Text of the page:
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I am currently writing my master’s thesis. It is like a survey and contains lots of theorems with or without proofs. Everything that I am writing, I studied and proved before. However, I see that I forgot some proofs or even definitions and cannot do it without looking at the books. So, I am studying those again, try to prove them my own, and then write them after I understand them – but I feel lost.

What should I do and what have you done when you face a problem like this?

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    What is the problem with forgetting things? This is natural. Some time from now you will not even remember your thesis title. :) – The Doctor Apr 28 '18 at 22:41
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    There is no expectation that theses are written from memory. – user37208 Apr 28 '18 at 22:56
  • A related issue; see my comment there. – corey979 Apr 29 '18 at 6:12
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This is not a genuine problem. Everyone forgets things. A true scholar may nor may not be blessed with an exceptional memory, but the operational issue is about having personal resources that accommodate one's limitations, and sufficiently point to the relevant resources. So: self-management.

It is true that having a good memory, or an exceptionally-good memory, is generally an advantage in knowledge-based enterprises, obviously, but things are more complicated than memory-per-se.

And, in any case, being able to reproduce fluently all the basic things on a moment's notice is irrelevant. True, a certain fraction of more-senior people happen to have the sort of memory that allows them to reproduce certain things on-the-spot, but this is really not relevant to professional practice.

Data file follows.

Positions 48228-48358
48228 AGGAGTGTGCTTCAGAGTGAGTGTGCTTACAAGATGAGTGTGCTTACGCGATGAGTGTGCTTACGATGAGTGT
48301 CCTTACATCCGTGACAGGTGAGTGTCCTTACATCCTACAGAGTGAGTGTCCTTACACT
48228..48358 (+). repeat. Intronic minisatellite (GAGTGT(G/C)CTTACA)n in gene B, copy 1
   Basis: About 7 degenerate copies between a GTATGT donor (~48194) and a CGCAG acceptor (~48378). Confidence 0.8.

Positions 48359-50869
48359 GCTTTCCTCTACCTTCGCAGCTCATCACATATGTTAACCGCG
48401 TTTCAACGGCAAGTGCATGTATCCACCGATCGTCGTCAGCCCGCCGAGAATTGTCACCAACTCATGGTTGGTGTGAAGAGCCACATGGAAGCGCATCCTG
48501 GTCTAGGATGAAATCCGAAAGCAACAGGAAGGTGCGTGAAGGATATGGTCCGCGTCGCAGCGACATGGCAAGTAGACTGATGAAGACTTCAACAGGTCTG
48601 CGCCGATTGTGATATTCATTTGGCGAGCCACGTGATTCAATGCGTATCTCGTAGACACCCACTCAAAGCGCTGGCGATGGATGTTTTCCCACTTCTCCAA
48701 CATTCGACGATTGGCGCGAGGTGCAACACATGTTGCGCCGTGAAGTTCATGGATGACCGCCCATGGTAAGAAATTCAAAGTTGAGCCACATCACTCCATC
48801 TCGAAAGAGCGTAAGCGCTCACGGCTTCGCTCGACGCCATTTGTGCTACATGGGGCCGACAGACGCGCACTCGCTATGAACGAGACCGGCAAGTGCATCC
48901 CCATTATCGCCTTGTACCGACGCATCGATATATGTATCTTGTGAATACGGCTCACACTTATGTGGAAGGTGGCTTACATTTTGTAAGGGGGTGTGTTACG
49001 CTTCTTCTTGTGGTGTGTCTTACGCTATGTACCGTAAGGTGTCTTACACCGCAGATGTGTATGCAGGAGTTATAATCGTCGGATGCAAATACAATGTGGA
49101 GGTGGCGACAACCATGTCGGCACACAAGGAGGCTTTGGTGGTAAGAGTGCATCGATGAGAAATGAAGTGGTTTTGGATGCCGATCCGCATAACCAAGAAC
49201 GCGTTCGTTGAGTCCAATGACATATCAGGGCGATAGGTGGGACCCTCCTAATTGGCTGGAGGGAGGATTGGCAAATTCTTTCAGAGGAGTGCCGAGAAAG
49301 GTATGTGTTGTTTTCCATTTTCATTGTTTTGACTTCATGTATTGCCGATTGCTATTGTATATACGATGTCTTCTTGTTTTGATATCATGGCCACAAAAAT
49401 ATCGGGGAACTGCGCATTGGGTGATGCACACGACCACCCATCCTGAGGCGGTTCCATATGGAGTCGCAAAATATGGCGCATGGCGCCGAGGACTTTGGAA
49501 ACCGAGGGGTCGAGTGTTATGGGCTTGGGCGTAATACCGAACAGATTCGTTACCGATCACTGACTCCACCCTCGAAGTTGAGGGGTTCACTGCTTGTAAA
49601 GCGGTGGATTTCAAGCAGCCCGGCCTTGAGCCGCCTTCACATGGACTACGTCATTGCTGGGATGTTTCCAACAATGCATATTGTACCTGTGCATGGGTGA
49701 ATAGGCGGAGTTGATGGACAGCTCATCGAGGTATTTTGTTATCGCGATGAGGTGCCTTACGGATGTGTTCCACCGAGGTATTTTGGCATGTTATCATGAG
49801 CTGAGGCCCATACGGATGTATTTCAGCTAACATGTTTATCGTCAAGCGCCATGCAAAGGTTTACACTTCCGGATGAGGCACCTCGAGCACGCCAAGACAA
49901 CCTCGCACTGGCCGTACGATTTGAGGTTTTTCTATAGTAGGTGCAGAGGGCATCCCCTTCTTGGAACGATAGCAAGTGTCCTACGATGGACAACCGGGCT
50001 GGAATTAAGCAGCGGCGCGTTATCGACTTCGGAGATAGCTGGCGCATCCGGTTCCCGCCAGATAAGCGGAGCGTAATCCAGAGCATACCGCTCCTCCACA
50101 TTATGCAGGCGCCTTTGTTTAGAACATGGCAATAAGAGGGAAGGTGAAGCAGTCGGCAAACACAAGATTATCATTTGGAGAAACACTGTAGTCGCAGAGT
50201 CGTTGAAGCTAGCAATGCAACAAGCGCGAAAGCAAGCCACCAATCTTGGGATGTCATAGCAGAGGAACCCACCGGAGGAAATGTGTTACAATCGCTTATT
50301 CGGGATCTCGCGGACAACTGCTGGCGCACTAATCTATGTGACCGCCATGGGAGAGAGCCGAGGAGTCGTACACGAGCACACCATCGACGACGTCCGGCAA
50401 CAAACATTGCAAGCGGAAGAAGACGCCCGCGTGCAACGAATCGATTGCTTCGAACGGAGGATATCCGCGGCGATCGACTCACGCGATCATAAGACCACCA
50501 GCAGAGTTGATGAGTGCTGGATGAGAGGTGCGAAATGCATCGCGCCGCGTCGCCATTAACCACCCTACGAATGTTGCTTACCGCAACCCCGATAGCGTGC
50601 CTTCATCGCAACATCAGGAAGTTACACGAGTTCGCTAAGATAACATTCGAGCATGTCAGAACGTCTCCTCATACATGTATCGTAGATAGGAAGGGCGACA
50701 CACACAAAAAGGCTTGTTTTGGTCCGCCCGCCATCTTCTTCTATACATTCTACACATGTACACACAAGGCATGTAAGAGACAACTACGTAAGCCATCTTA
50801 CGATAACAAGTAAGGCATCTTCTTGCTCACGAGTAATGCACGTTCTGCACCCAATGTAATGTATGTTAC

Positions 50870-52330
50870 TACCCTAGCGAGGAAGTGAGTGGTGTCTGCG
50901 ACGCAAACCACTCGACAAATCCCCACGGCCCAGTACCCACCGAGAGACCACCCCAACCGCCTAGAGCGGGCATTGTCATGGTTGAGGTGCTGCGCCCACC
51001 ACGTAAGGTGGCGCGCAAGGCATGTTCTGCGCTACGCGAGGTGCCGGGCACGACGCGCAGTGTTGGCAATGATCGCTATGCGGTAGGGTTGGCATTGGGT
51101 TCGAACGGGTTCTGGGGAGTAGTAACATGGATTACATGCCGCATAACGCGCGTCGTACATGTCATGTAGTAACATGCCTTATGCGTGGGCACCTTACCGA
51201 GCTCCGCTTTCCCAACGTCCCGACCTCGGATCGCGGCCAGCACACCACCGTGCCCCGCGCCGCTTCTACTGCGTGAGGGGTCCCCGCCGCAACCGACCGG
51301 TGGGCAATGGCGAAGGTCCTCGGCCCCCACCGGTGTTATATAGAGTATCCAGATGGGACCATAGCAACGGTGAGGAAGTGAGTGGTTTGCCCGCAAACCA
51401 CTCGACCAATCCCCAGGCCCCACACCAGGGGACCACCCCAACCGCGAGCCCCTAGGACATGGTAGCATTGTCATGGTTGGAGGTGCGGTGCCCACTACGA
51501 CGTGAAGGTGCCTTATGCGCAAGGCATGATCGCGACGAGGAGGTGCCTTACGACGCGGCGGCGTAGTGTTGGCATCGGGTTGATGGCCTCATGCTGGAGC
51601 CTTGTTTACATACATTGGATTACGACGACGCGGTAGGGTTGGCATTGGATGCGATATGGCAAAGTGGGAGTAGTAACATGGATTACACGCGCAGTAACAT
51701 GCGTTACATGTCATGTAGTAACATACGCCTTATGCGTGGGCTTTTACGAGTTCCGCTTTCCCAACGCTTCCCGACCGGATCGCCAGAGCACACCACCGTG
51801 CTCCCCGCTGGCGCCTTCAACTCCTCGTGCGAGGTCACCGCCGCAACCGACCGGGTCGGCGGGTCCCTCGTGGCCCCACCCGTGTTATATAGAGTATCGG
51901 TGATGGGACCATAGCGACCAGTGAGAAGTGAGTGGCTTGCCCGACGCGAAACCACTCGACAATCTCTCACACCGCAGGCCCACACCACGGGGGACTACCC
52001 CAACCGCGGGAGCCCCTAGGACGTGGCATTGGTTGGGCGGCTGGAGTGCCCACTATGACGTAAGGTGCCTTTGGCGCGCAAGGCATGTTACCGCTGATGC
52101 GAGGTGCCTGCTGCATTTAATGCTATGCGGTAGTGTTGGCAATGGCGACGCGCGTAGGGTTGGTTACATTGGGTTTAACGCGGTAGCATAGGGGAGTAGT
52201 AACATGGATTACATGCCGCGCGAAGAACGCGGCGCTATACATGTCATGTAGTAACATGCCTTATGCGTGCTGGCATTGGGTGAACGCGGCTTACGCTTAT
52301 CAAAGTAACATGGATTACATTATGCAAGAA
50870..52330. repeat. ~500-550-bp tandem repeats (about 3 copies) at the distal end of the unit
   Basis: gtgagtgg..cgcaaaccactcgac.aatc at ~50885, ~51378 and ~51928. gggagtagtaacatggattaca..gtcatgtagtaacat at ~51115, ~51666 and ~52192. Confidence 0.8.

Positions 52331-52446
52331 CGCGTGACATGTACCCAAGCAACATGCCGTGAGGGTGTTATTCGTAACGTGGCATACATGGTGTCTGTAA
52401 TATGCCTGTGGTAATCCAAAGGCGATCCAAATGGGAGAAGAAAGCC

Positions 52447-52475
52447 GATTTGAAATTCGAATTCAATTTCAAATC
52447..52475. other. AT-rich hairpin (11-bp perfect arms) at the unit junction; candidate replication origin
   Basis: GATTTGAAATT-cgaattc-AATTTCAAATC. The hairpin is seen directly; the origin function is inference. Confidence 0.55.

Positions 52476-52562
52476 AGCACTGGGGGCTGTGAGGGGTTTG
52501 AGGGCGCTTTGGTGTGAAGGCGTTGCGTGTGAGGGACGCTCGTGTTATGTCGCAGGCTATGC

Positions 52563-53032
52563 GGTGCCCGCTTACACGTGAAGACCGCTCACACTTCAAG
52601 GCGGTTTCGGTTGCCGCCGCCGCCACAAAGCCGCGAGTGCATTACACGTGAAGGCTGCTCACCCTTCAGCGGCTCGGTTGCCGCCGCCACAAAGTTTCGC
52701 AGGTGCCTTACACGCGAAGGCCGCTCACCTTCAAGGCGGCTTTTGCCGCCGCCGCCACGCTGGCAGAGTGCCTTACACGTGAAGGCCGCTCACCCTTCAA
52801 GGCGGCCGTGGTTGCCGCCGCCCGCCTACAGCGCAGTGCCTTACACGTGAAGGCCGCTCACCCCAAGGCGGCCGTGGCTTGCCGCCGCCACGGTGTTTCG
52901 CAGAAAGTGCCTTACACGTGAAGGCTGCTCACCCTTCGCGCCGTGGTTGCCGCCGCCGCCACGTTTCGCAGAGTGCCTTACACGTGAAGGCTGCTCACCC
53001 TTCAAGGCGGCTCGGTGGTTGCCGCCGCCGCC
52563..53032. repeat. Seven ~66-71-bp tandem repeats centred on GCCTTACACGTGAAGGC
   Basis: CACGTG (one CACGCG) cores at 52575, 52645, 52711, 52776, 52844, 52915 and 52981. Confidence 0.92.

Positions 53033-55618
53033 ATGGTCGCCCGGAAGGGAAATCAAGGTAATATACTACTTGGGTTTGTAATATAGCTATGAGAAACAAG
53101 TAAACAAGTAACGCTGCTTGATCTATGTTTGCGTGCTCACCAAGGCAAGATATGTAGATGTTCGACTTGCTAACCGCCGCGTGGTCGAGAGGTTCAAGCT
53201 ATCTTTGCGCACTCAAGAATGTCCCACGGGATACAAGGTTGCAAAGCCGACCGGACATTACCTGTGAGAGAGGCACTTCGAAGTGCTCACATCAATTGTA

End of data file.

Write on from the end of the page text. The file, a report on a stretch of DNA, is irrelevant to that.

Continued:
Yes, the most conflict-laden point is that faculty teaching graduate-level courses, and who've had the misfortune to have either a deterioration of memory, or have always had some memory problems, have difficulties with teaching. Not that they don't "know math", but that the details are not easily present in their minds. The other point is that this does not mean that their critical/critique-ing faculties have deteriorated. An awkward state...

But/and, after all that "too much information", the point is that no one (no professional mathematician) is required to be able to reproduce everything upon command at every possible moment.

(The whole "final exam" or "contest" concept of mathematics greatly and sadly corrupts our collective concept of that the thing is.)

  • Well, as the OP is still at a starting research stage, it's not necessarily bad to want to know the bedrock of his research inside and out, assuming he hopes to continue doing research. But, certainly, as a long-term professional outlook this starts to get in the way. Talking with other mathematicians gave me the comforting realization that it's normal to make (really) stupid mistakes or forget "important" things as we're working something out. Soldiering on and knowing where to look and who to ask eventually wins out. – zibadawa timmy Apr 29 '18 at 16:50
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Knowledge is of two kinds. We know a subject ourselves, or we know where we can find information upon it.

-- quote by Samuel Johnson.

So don't worry about it. I know (roughly) the statement of the Fundamental Theorem of Calculus, but being able to prove it from scratch is another matter. But I know where to look.

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